On one of your very first prenatal appointments, your doctor probably handed you a list of all of the foods and drinks that weren’t safe to consume while you were pregnant. Now that your little one is here, you can loosen up a little bit about what you have for dinner. Though restraints have eased up on what breastfeeding moms should and shouldn’t eat, there are still some foods that you should avoid and others that you should take care with when eating and drinking.


Foods and Drinks to Avoid While Breastfeeding


Fish are a great source of protein and omega-3 fatty acids and are okay to eat in moderation during breastfeeding. Certain types of fish, such as swordfish and king mackerel, have high levels of mercury. This mercury can make its way into your breast milk and can harm your little one. Because of this, it’s best to eat no more than six ounces of fish twice a week.

If you do choose to eat fish, select a type of fish that is lower in mercury whenever possible, such as tilapia, salmon and trout. During pregnancy, sushi was strictly off-limits due to the possibility of bacteria and parasites. This possesses less of a concern during breastfeeding, so it’s okay to eat sushi once in awhile as long as it comes from a reputable restaurant.

Coffee and Tea

After several middle-of-the-night nursing sessions, the first thing you may want in the morning is a comforting cup of coffee. While it’s not strictly off-limits, be careful before you drink it. The caffeine in coffee and tea does end up in breast milk, which can make napping difficult for both you and your little one. Your baby’s body doesn’t process caffeine as quickly as yours does, and consuming it can quickly throw off their sleep schedule.


It’s safest for your baby if you don’t have any alcohol at all but if you choose to drink, timing and moderation are key. Alcohol typically takes one to two hours to metabolize. Once it’s out of your bloodstream, it’s no longer in your breast milk. If you are going to drink, have one drink right after you last nurse your little one. This will give your body time to metabolize the alcohol so that it doesn’t adversely affect your baby when you nurse next. “Pumping and dumping” isn’t necessary as long as you don’t feel the effects of the alcohol you drank.


Not only can the caffeine in chocolate cause problems with your little one’s sleep, it seems to have a laxative effect on many babies. Eat it in moderation and be on the lookout to see if it’s disrupting your little one’s sleep schedule or causing runny stools to occur.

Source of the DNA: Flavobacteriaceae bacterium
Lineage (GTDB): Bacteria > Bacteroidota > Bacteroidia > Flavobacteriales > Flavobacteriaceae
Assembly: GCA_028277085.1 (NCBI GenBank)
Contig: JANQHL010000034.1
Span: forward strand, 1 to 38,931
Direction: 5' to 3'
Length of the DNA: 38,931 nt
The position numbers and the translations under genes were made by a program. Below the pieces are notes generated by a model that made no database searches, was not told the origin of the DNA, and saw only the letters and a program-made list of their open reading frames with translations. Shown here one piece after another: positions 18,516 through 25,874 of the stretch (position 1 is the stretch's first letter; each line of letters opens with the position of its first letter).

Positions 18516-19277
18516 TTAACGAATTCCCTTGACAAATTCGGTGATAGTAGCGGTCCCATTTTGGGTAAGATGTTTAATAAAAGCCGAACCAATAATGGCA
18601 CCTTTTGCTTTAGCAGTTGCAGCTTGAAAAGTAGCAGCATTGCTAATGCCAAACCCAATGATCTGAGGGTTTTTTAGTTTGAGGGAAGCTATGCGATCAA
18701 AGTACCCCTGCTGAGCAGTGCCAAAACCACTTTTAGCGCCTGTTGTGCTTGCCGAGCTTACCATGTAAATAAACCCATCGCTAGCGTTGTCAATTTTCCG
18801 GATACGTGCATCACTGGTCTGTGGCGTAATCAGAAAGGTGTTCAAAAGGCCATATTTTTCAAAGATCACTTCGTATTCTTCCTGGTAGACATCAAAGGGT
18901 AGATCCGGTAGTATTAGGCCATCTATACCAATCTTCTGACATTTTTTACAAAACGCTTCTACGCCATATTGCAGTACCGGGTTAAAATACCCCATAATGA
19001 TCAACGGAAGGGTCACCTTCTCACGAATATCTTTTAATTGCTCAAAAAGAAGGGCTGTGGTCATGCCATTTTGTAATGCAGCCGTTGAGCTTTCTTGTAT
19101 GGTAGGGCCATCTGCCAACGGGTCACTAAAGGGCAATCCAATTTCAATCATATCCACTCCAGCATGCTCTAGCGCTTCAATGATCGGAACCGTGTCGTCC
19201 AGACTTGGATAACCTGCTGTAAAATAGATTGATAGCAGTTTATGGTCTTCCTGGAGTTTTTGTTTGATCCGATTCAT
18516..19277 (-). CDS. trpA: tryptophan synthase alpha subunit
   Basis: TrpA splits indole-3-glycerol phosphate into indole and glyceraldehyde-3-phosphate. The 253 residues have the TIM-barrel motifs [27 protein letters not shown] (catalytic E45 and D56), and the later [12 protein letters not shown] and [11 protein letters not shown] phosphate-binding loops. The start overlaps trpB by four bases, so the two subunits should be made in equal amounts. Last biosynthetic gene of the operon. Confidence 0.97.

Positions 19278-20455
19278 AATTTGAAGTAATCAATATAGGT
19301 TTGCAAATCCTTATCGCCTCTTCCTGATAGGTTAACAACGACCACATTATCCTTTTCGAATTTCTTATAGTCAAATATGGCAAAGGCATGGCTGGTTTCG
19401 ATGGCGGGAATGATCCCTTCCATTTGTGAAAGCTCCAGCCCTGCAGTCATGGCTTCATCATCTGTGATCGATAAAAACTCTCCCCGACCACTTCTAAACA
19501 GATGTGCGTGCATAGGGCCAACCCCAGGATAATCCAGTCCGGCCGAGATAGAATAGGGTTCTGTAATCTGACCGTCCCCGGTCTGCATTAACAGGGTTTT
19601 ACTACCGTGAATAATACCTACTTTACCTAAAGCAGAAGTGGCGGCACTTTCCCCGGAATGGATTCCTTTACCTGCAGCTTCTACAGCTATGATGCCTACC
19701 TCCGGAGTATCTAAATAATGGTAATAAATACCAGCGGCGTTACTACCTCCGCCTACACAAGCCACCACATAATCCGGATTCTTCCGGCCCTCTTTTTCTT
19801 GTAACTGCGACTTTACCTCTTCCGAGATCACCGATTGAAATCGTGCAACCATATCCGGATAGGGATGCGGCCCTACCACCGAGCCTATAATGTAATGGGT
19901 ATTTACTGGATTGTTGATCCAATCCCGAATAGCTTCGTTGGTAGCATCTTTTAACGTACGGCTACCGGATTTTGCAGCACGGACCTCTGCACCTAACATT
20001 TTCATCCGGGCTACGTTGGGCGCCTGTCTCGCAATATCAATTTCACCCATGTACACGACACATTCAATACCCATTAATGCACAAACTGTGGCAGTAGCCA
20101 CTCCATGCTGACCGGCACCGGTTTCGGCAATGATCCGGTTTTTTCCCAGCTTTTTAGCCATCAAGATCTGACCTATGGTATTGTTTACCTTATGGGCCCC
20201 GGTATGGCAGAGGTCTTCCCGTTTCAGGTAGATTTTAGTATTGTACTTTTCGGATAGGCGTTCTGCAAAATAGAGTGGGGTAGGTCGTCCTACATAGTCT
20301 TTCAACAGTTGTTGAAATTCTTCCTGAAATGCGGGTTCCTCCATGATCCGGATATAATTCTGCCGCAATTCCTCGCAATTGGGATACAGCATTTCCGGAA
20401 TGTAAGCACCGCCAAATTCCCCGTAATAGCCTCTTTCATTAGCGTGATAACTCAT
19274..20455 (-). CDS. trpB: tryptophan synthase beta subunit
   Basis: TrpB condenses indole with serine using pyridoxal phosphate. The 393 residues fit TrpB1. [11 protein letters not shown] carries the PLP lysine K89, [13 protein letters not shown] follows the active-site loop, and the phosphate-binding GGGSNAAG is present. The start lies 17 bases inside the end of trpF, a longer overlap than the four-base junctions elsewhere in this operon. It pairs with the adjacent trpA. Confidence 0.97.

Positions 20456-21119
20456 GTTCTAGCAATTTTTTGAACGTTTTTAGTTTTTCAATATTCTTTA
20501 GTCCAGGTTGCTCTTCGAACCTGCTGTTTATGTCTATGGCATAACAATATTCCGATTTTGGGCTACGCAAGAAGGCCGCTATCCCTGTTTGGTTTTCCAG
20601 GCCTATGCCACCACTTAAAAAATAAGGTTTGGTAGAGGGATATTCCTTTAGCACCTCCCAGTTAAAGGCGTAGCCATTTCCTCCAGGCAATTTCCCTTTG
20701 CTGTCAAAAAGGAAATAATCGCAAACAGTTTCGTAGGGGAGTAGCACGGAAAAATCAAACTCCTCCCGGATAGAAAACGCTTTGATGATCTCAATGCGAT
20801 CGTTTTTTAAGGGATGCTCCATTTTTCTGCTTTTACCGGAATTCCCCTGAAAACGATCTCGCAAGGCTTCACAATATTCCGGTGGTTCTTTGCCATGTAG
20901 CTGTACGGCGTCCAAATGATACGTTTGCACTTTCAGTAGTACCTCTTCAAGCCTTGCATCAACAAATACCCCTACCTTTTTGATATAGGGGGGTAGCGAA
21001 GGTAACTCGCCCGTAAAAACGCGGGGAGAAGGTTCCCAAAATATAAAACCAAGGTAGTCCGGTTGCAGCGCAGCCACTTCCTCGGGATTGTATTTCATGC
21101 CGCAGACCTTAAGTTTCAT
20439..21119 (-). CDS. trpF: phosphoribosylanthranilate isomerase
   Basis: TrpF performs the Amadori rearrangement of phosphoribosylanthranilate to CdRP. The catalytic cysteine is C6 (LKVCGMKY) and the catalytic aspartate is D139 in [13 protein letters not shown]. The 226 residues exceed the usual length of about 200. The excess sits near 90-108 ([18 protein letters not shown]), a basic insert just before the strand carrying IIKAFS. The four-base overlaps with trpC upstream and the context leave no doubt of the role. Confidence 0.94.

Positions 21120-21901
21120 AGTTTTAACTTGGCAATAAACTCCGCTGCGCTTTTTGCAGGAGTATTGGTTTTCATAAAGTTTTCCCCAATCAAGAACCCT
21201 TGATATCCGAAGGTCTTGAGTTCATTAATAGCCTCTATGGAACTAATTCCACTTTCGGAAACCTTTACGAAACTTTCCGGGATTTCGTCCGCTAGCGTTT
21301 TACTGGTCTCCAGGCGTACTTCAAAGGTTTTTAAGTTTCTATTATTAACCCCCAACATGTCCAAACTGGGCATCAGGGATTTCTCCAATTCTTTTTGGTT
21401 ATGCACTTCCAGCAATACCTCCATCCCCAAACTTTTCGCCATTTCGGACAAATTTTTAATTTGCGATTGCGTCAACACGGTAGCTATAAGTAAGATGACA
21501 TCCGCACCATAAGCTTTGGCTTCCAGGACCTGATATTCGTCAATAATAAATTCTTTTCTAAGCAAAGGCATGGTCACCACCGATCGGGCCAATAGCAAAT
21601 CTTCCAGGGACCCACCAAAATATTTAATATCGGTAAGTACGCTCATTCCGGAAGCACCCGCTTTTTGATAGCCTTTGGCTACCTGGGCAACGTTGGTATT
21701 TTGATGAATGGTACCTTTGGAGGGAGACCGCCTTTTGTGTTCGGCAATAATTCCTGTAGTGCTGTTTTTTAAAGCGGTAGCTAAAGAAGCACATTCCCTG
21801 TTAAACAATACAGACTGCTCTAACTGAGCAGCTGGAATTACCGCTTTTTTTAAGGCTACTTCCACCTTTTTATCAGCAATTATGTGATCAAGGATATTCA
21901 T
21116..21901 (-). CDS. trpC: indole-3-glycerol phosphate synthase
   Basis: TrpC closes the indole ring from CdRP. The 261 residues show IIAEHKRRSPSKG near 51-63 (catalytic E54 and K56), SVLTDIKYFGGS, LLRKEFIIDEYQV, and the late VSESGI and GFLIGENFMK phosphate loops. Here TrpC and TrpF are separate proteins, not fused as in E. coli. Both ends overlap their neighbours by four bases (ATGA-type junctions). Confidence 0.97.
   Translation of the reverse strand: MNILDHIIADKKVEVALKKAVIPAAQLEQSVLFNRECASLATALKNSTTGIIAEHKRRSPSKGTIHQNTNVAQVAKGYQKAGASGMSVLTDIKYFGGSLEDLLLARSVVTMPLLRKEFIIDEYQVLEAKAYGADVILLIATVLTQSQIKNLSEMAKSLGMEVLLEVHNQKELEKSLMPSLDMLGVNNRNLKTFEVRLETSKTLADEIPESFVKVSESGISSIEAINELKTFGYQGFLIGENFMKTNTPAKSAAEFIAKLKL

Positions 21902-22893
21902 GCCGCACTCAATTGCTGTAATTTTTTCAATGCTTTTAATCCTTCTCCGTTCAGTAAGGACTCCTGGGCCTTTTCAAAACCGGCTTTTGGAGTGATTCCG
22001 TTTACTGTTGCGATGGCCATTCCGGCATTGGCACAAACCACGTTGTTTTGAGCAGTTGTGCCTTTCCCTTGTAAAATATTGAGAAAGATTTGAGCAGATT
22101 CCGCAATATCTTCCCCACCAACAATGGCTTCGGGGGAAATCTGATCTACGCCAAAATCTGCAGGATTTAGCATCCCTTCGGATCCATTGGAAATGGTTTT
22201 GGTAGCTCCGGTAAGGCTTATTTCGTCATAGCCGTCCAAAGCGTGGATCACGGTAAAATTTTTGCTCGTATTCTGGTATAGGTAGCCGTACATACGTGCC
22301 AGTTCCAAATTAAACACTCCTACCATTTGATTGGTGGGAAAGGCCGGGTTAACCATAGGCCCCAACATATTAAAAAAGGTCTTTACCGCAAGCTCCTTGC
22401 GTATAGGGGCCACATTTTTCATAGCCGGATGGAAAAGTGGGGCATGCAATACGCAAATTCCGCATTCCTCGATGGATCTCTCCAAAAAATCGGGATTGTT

Parsley, Peppermint and Sage

While these herbs are a great way to add flavor to your meals, they can also have a negative effect on your milk supply. Consume them in moderation and skip them altogether if you notice that your little one is on a growth spurt.


Your breast milk will take on the flavor of the food that you have eaten, and studies show that babies typically enjoy this wide-range of flavors. Garlic, however, is one flavor that many babies don’t enjoy. If your baby is refusing the breast and you have recently eaten garlic, it may be the taste that is turning him or her off.

“Gassy” Foods

Foods that typically cause gas with you, such as beans, brussels sprouts, cabbage, broccoli and cauliflower, can cause problems in your little one. While burping, passing gas and bloating may occur in all babies after you eat these foods, it can cause a baby who already has colic to become downright miserable.

Medicines to Avoid While Breastfeeding

Though a small amount of most medications does make its way into your breast milk, most medications can be safely taken while breastfeeding. Some medications to avoid include:

  • Acebutolol
  • Antihistamine and decongestant combinations, such as Dimetapp
  • Doxepin
  • Narcotics
  • Thiazide diuretics


How to Tell if a Food is Bothering Your Baby

Because everything you eat could possibly cause an adverse reaction in your little one, it’s important to look for possible problems. These reactions include:

  • Eczema, a red, itchy rash on the body
  • Congestion
  • Abnormal fussiness
  • Excessive gas
  • Diarrhea

These symptoms could be caused by another condition, such as an allergy to the laundry soap that you use, or it could be caused by something that you are eating that has made its way into your breast milk. Most problems that are caused by breast milk typically occur two to six hours after you have consumed the food. Common foods that can sometimes cause an adverse reaction in babies include:

  • Dairy products
  • Spicy foods
  • Citrus fruits and juices
  • Kiwi
  • Pineapple
  • Strawberries
  • Cherries
  • Prunes

If you suspect that your baby is having a reaction to something that you are eating, talk with your doctor before completely omitting it from your diet. If your doctor does recommend that you stop eating that food, ask about supplements to make up for any nutrients you may be missing out on and continue to take your prenatal vitamins for the duration of the time that you nurse.